Vermont Senator and presidential candidate hopeful Bernie Sanders introduced a bill to the United States Senate on Wednesday that would end the federal prohibition on marijuana and allow states to vote on medical and recreational marijuana use without having any sort of federal intervention. It’s the first time a bill has been introduced that would formally end federal prohibition and is yet another step towards ending the war on drugs Sanders has had a hand in.
In a recent Gallup poll, public support of legal marijuana is at an all-time high of 58 percent. This makes the timing for Sanders’ bill perfect, especially with the upcoming presidential election.
The Ending Federal Marijuana Prohibition Act, if approved, would formally remove marijuana from its current Schedule I status and leave the decision to legalize marijuana – medically or recreationally – solely in the hands of individual states. However, it would still mean shipping and transporting marijuana is illegal.
Just last week at an event at George Mason University, Sanders called for the government to remove marijuana as a Schedule I drug, now he’s doing something about it.
“In the United States, we have 2.2 million people in jail today, more than any other country. And we’re spending $80 billion a year to lock people up. We need major changes in our criminal justice system…including changes in drug laws,” Sanders said at the event. ” Too many Americans have seen their lives destroyed because they have criminal records as a result of marijuana use. That’s wrong. That has got to change.”
Coming just days after Ohio rejected marijuana legalization, it shows that one negative decision regarding the legalization of marijuana in a state doesn’t represent the overall nationwide opinion. Founder of Marijuana Majority, Tom Angell, agrees.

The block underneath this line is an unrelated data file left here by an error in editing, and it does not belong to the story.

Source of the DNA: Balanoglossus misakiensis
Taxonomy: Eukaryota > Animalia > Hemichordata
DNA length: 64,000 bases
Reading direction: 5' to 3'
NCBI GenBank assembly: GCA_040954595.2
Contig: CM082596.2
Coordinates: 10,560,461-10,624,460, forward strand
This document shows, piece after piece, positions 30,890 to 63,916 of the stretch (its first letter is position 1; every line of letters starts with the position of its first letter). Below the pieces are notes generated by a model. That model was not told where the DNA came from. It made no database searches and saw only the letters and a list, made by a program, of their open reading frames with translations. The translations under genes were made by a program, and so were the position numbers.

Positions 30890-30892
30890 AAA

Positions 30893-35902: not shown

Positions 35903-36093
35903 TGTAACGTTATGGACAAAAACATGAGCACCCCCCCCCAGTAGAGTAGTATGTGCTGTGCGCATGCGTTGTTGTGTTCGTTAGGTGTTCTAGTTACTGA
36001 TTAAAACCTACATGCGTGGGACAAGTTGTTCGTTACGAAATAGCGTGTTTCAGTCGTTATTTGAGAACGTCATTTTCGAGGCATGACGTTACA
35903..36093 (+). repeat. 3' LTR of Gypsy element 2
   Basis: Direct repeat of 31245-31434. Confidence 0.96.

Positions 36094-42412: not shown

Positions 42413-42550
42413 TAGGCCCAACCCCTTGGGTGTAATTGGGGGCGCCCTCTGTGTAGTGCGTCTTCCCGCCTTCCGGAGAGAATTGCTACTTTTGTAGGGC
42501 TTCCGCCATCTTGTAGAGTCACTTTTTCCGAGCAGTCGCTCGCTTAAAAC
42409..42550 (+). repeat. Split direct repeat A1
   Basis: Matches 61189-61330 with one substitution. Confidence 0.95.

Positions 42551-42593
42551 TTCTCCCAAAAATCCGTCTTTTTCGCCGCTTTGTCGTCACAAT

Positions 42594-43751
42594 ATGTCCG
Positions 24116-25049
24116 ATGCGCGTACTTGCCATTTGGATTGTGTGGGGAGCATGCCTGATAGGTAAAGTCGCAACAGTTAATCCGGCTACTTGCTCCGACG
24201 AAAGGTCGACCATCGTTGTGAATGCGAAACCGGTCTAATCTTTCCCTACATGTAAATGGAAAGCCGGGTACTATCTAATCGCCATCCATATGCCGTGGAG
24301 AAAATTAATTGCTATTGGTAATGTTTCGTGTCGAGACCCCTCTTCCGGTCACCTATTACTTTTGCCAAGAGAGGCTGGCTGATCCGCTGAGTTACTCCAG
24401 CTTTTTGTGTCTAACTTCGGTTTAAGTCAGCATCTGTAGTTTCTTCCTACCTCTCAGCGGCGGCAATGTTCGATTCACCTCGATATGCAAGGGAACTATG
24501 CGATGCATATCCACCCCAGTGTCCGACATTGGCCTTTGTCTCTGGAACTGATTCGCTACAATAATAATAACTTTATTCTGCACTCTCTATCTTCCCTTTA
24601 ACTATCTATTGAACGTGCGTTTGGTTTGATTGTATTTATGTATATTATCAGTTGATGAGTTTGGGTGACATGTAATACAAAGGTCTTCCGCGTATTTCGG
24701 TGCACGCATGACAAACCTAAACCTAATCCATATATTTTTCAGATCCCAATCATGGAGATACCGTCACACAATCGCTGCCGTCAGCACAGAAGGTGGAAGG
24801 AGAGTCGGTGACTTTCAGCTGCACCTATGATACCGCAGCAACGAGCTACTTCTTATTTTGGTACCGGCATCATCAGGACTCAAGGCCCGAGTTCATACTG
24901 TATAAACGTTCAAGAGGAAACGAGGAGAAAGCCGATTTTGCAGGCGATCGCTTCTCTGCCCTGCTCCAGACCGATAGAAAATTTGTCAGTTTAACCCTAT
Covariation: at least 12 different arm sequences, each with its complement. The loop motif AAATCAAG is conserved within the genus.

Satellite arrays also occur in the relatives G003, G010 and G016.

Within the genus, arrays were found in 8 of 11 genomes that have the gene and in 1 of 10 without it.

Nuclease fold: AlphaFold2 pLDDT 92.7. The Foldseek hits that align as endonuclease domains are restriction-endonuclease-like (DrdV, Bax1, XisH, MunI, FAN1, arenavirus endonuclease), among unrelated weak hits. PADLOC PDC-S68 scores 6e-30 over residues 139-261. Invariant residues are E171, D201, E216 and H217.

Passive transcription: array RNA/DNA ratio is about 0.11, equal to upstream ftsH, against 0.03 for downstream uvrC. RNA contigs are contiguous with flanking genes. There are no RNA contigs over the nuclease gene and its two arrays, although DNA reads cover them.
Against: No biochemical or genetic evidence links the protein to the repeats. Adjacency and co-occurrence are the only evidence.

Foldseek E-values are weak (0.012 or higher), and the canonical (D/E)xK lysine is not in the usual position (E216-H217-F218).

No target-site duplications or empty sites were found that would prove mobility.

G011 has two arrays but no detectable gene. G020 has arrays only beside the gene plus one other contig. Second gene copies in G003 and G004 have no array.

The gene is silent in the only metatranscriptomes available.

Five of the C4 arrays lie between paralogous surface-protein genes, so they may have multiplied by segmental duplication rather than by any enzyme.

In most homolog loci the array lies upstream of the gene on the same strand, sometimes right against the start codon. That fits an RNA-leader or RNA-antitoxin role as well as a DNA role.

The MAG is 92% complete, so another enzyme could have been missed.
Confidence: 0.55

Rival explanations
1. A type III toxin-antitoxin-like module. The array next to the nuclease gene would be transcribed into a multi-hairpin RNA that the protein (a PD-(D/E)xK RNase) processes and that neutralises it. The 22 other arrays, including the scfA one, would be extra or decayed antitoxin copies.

“The introduction of (Sanders’) bill proves the defeat of the Ohio marijuana monopoly measure that wasn’t widely supported in our movement isn’t doing anything to slow down our national momentum,” Angell said. “A growing majority of Americans want states to be able to enact their own marijuana laws without harassment from the DEA and lawmakers should listen.”
Director of communications at the Marijuana Policy Project Mason Tvert likened marijuana to alcohol and believes it should be treated as such.
“Sen. Sanders is simply proposing that we treat marijuana similarly to how we treat alcohol at the federal level, leaving most of the details to the states,” Tvert told the Huffington Post. “It is a common sense proposal that is long overdue in the Senate.”
With an average time of 263 days for a bill to be passed in the Senate, nothing is expected to happen soon. But with the 2016 Presidential Election happening in just over a year from now, it could come at a pivotal time should Sanders make it out of the Democratic primary as the presidential candidate representing the party.